Returning to Chesterfield, Banks helped Chesterfield reach the FA Youth Cup final, where they were beaten by a side who would go on to be known as the Busby Babes. In 1958, he played made his Third Division debut for Chesterfield in a 2-2 draw with Colchester, and from there he became a fixture for the Saltergate side, despite having never had real goalkeeper coaching. After just 23 games for the Spireites, he suddenly found himself moving to the First Division.

Filbert’s Finest

Leicester City bought him for £7,000 in July 1959, his wages rocketing up to £15 a week. Initially playing in the reserves, injury to first-choice Dave Maclaren meant his first-team debut was a 1-1 draw with Blackpool in September, and the poor form of Maclaren when he returned meant Banks got a serious run of games for Leicester, during which he gradually improved his form to become the club’s number one. It was remarkable that Banks found himself here. Rags-to-riches stories in football are fairly common, but Banks lived in age where there was no such thing as a ‘Goalkeeping coach’. He had to learn on the job, working on what were his weaker aspects (such as coming for crosses) in match situations.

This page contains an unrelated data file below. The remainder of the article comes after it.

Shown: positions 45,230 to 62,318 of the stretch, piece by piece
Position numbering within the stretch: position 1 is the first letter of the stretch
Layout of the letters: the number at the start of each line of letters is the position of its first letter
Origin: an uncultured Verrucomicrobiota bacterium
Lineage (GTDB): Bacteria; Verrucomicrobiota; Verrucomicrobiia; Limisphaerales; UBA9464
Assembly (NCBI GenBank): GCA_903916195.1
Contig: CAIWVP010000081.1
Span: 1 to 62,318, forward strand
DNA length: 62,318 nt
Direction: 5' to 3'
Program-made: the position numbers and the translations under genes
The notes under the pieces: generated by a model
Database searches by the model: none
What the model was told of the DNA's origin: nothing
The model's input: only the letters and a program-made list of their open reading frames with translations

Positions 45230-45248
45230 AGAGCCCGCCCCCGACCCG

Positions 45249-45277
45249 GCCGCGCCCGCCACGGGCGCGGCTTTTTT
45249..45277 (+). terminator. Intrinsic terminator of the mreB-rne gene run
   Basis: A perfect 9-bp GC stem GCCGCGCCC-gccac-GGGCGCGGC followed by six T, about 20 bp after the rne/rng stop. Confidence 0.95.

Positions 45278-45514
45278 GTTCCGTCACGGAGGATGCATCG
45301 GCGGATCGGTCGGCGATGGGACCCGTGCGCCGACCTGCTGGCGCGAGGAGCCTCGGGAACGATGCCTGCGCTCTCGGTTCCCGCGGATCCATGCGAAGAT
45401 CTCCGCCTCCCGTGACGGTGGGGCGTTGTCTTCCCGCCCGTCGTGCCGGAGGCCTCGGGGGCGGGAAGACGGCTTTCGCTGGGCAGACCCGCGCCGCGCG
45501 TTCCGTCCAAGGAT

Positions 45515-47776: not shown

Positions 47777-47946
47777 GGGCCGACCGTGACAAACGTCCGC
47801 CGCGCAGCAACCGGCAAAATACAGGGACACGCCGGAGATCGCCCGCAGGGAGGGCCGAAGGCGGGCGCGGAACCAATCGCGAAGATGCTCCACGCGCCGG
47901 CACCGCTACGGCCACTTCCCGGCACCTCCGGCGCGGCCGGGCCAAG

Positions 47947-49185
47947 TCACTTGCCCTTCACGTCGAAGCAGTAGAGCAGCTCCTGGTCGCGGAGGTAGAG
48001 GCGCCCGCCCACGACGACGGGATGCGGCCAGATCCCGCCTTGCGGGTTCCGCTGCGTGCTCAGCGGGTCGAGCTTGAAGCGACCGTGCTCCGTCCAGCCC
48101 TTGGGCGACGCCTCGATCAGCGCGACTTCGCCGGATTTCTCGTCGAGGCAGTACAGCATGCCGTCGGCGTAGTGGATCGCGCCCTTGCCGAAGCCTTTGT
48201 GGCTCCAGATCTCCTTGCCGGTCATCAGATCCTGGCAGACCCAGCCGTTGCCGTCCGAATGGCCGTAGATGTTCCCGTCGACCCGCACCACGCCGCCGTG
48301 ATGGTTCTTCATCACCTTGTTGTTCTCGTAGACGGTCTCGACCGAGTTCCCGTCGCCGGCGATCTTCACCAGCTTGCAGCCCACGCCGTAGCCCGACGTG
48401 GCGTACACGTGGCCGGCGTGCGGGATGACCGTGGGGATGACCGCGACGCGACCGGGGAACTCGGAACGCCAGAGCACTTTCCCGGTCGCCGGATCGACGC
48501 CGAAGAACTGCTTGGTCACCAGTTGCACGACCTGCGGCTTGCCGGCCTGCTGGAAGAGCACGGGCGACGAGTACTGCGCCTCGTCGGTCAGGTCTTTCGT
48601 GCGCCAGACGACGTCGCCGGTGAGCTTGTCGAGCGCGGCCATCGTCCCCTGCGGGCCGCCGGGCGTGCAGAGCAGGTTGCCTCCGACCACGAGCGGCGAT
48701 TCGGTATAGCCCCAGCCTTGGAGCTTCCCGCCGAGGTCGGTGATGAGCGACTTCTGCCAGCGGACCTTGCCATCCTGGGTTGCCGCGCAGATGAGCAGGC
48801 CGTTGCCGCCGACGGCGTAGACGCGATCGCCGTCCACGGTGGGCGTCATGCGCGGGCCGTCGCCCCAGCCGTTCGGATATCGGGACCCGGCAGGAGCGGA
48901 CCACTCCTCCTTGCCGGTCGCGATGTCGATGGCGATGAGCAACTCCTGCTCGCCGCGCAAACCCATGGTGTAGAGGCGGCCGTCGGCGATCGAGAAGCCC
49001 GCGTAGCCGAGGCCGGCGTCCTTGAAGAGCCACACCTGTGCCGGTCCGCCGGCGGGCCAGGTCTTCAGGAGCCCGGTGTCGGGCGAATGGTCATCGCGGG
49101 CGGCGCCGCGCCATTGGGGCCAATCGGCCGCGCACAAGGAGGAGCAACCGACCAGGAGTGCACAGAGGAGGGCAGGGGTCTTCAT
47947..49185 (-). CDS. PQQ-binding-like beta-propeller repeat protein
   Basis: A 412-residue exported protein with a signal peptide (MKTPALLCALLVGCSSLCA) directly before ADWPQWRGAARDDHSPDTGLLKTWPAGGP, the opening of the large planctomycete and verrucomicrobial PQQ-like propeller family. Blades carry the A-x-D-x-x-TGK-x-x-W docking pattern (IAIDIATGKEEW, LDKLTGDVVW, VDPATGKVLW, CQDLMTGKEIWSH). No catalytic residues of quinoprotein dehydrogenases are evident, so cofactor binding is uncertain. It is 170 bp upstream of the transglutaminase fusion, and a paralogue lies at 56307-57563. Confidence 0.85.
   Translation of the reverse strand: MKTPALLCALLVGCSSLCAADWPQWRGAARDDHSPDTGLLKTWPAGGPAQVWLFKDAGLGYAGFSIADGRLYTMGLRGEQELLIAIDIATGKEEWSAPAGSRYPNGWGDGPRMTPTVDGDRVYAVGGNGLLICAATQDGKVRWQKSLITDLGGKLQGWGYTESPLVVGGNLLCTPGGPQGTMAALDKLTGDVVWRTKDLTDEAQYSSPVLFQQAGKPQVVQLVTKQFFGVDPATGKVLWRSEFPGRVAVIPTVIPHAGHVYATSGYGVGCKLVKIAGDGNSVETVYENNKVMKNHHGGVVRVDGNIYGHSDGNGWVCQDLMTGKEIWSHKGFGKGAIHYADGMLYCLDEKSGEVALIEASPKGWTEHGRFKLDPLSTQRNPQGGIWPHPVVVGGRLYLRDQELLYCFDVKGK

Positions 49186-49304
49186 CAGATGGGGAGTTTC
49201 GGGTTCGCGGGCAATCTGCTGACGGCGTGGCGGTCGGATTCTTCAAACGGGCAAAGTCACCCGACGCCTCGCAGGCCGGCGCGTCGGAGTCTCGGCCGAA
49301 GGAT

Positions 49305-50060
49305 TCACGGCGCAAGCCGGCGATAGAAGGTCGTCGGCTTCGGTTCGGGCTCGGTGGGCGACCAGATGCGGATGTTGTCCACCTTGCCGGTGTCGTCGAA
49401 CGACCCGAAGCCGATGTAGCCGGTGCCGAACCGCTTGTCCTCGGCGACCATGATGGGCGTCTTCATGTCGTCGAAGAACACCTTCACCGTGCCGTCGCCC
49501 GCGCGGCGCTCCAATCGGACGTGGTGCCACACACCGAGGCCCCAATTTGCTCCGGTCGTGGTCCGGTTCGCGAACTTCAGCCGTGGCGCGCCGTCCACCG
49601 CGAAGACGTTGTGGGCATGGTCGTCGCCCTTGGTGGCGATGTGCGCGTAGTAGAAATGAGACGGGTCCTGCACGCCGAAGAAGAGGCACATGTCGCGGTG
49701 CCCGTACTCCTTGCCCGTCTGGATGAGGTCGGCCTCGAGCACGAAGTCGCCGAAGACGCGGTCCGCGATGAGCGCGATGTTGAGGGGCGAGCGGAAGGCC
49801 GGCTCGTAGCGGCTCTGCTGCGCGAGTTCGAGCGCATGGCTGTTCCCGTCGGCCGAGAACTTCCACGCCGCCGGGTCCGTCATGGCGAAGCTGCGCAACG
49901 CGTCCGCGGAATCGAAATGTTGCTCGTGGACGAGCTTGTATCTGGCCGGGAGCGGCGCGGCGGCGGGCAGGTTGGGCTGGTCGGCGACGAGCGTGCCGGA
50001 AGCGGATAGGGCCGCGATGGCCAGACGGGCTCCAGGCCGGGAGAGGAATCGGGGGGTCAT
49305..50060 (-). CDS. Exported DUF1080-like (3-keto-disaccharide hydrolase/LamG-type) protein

Banks would play 293 games for Leicester, helping them reach sixth place in the 1960-61 season and an FA Cup Final, where they fell at the final hurdle to Spurs, the first double winners of the twentieth century. In 1962 came one of the bizarre moments of the career when, not wanting to disappoint the England bosses, who invited him to watch their match against Portugal as a non-playing squad member, Gordon raced from Wembley to his first appearance in the Cup Winners’ Cup, a 1-1 draw with Atletico Madrid at Filbert Street, Banks arriving in Leicester 30 minutes prior to kick-off. He would reach another FA Cup Final with Leicester, which again ended in defeat, but in 1964, Banks picked up silverware, winning the League Cup at Filbert Street after a 4-3 aggregate win over Stoke City.


Banks of England

His ever-improving performances for his club side meant an International cap wouldn’t be long coming, and Alf Ramsey picked him in goal for a 2-1 defeat to Scotland at Wembley in 1963. Not at fault for the goals, Banks continued as England’s Number One, and in 1965 he’d built a great understanding with his formidable defence of George Cohen, Jack Charlton Bobby Moore and Ray Wilson. This defensive resilience was obviously a massive advantage for England going in to the 1966 World Cup.